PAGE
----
Dick Allen was one of the most controversial players of all time, a deeply and often unfairly maligned slugger whose own fans booed him mercilessly. Responding to a listener request, Mike and Bill recount Allen's tumultuous and Hall of Fame-worthy career on the 45th anniversary of his refusal to be report after being traded to the Braves. Plus, hap…
 
Monty Stratton was on the way to a distinguished career when a hunting trip abruptly turned into a battle for his career, and for his life. Mike and Bill recount the accident that altered his path forever, and the amazing comeback that was literally something out of Hollywood. Plus, happy birthday to Howard Johnson and Richie Hebner!…
 
This episode is dedicated to the memory of Dorothy Seymour Mills. It's probably not fair to say that Albert Belle was misunderstood. But it is fair to say he made anyone who wanted to understand him regret trying. But he was as much a dynamic force at the plate as he was a disruptive one away from it who, 23 years ago this week, signed the richest …
 
Normally, of course, when a club wins the World Series, it inspires so much good will that it forges a generation of new permanent fans for a club. But, Wayne Huizenga's fire sale in the wake of the 1997 win, which began with the trade of Moises Alou 22 years ago this week, poisoned Miami forever after. Mike and Bill look back on the Marlins early …
 
From its founding in 1939 through 1973, Little League Baseball refused to let girls play, and was deeply and intransigently committed to that position until a New Jersey court decision forced them to relent only 46 years ago this week. Mike and Bill look back on the history of women and girls playing baseball prior to that decision and the suit tha…
 
Few men in baseball have been as universally beloved as Buzzie Bavasi, who took over the Dodgers front office 69 years ago this week. Joining Mike and Bill to discuss Buzzie's life and 45 year career is his son, Bob Bavasi of Japanball.com. Plus, happy birthday to Brad Radke and Mickey Rivers!By Mike Bates and Bill Parker
 
John Updike is often celebrated for having written The Great American Novel, but he also may have written The Great American Essay, which was published 59 years ago this week. Printed in The New Yorker, "Hub Fans Bid Kid Adieu," is a tribute to The Great American Hitter, Ted Williams, beautifully describing The Splendid Splinter's final game. Mike …
 
It was only seven years before the Mets won their first championship, but it must have seemed like 70, as they struggled to not to lose 100 games every year. But 50 years ago this week, they finally did, finishing off a miracle season by felling the mighty Orioles in five games. Mike and Bill go through the early history of the Mets and their amazi…
 
We've talked about the conspiracy and we've talked about the trial, but this week, on the anniversary of the last out of the 1919 World Series, Mike and Bill talk to SABR Director of Editorial Content and Black Sox expert Jacob Pomrenke (@buckweaver) about the Series itself, what plays were suspect, and how little we actually know about how exactly…
 
The first-year expansion Mets of 1962 are, famously, one of the worst teams of all time, and may well be the worst team to suit up since the turn of the last century. In this shorter, solo episode, Bill tells the story of the Mets' dismal season through their final game, 57 years ago this week, which included a particularly weird and appropriate ei…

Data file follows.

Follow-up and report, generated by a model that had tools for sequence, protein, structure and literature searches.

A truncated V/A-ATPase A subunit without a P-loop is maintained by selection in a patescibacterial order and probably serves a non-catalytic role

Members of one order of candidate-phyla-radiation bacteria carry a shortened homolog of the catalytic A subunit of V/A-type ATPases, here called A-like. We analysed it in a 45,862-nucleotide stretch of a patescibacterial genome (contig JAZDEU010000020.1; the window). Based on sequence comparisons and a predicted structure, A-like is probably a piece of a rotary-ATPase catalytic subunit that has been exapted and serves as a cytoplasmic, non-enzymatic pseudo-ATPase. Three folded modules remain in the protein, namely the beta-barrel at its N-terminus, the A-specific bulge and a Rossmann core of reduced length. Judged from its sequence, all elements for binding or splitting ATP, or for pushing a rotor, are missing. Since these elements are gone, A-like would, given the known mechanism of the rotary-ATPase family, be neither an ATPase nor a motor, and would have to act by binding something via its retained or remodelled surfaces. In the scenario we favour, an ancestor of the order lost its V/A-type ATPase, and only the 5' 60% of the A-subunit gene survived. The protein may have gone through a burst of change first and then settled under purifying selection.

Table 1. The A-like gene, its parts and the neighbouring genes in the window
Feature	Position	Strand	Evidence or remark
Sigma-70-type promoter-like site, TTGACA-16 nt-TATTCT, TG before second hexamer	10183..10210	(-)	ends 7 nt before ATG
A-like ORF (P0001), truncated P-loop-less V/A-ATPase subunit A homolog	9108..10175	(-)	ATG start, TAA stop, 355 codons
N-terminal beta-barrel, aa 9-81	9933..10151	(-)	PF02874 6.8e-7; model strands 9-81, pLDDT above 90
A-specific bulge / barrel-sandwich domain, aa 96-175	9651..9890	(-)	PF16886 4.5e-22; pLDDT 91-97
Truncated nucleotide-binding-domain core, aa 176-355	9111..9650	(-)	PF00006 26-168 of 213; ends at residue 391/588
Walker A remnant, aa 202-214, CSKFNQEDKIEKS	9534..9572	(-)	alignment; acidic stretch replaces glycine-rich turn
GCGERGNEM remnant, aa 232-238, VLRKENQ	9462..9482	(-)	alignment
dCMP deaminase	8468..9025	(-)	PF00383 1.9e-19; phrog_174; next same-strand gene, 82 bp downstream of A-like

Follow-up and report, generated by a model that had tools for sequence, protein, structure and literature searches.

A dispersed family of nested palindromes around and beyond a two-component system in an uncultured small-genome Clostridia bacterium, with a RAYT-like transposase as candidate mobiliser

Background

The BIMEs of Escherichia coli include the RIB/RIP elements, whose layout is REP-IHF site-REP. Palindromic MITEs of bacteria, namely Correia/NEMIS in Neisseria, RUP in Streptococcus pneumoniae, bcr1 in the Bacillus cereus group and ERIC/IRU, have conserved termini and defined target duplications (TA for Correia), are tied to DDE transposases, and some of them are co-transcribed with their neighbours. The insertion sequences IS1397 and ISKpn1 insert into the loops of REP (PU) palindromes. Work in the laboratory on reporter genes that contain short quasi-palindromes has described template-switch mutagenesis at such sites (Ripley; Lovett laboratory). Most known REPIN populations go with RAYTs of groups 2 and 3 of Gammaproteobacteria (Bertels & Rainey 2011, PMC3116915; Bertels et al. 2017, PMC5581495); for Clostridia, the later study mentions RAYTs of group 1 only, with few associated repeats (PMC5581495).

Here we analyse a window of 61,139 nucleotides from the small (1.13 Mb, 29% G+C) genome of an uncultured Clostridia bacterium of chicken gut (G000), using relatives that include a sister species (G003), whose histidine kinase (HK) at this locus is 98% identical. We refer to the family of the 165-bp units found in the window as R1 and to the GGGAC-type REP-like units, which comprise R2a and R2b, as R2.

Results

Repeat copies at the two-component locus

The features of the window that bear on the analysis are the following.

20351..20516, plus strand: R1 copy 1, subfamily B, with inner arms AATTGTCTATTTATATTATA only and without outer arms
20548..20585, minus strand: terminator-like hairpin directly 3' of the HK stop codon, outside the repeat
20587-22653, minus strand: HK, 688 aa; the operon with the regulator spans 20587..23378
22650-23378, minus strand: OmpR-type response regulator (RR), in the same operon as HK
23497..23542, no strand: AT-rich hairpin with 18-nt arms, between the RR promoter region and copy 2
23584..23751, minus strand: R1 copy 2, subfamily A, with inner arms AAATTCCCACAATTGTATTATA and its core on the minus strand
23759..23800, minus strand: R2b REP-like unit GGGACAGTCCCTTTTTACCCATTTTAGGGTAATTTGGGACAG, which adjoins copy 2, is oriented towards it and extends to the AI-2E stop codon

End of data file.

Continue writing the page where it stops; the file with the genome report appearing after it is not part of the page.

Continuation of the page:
Lyman Bostock was one of the most dynamic young stars in the American League, compared favorably with Rod Carew and predicted to win multiple batting titles. He was one of the early benefactors of free agency, was quickly becoming one of the most popular players in the game, and may have been on a Hall of Fame track. But 41 years ago this week, Bos…
 
There have been four pitchers to strike out 20 batters in a game, but only one of them did it twice, and the second time that happened, 23 years ago this week, was the last great start he'd make as a member of the Red Sox. At a patron's request, Mike and Bill look at the good, the bad, and the ugly in Clemens' Hall of Fame-worthy career, and talk a…
 
Ruth and Gehrig. Brett and White. Mays and McCovey. There have been so many great pairs of teammates in baseball history. But none of them played together as long or as often as Alan Trammell and Lou Whitaker, who began their HoF-worthy careers in the same game 42 years ago this week. Mike and Bill trace their excellent and often overlooked time to…
 
We spend so much time talking about the most famous and greatest players to star in the major leagues. But there was a time when our country was full of stars in every small town. For the 65th and 62nd anniversaries, respectively, of Joe Baumann breaking the single season pro HR record and Steve Dalkowski K'ing 24 and BBing 18, we talk to @GaylonWh…
 
It took 21 years and 742 starts, but 37 years ago this week, Gaylord Perry was finally caught greasing up a baseball. Or was he? In response to a Patreon request from Jim Gatton, Mike and Bill examine the life and career of baseball's most beloved, and most unrepentant, cheater, and try to figure out the secrets that the Hall of Fame righty still w…
 
Dave Dravecky's comeback was described as something out of a storybook. It was a miracle. It was short-lived as, 30 years ago this week, his attempt to return from cancer surgery on his pitching arm ended on the mound in the most gruesome way imaginable. Mike and Bill look back on the career of Dravecky, what made his comeback so easy to root for, …